True to form, he was once again leaving his preparations late. “I haven’t seen the car yet” he says, on the eve of the rally, “but I’m testing it in an hour. I know it will be a good car though as it is put together by a great team, who have won here before, it will be better than the one I used to race.”
It might seem like a nonchalant attitude on the treacherous roads of Corsica that make claim to the unwanted record of having the highest fatality rate of any WRC round, but Bernard is not here to compete. “I will take it easy for the first couple of days, get used to the car, but then I will start to push,” he says with a glint in his eye, suggesting that his form of taking it easy is slightly different to the rest of us.
He’s clearly eager to get going, but just what is it like rallying around Corsica? “Tiring!” is his answer, “there is never any rest, just left turn after right turn, no straights. It is terrible for the co-driver”, probably a fair understatement for an event that is known as the ‘10,000 Turns Rally’ — in reality more like 20,000 corners after somebody actually counted them.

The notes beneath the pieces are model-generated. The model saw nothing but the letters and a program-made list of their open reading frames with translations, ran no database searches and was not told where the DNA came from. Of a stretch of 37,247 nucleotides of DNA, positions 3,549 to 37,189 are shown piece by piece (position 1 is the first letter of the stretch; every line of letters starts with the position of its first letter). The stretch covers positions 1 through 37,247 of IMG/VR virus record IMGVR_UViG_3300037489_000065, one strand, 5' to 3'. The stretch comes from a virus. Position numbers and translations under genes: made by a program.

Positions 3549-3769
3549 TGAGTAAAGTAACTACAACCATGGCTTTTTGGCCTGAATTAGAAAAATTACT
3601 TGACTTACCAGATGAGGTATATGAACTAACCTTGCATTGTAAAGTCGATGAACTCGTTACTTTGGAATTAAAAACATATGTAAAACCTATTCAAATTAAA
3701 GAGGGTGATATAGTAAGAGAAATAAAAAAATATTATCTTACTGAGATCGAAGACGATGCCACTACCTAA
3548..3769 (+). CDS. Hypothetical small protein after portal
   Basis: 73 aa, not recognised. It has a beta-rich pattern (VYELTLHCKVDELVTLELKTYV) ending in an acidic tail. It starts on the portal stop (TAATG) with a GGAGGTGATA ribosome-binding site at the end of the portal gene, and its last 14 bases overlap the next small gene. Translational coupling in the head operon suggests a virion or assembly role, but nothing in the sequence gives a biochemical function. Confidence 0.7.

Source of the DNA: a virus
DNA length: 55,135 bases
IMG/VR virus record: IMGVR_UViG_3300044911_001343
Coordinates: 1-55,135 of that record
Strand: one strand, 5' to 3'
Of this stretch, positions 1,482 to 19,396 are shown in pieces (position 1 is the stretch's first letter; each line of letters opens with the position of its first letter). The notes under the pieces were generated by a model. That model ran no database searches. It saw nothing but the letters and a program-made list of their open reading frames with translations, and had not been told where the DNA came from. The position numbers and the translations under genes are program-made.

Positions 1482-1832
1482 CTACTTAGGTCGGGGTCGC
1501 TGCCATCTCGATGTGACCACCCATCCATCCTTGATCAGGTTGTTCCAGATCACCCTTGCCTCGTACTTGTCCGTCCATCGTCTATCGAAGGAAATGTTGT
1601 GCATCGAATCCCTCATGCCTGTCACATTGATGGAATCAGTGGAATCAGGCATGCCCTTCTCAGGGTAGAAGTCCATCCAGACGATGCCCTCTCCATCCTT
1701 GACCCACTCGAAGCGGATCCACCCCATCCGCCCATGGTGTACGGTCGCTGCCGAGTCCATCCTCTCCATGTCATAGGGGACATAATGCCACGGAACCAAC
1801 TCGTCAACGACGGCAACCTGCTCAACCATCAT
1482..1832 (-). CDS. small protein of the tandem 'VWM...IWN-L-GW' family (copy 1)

The 1987 rally was a WRC high point for both Béguin and BMW, neither of whom have won again at world championship level. Béguin did have plenty more success in his career, with European rally runners up positions and those other three French title triumphs, behind the wheel of Sierras and an Escort. Not to mention entries at Le Mans and podium finishes at the 24 Hours of Spa, as well as Dakar and ice racing campaigns, the career of Béguin was long and eclectic, but his heart belongs in Corsica.
“There are two rallies that are important to French drivers” he says, “Tour de Corse and the Monte-Carlo. I didn’t manage to win at Monte-Carlo, but I did win this event and to me it will always be special.”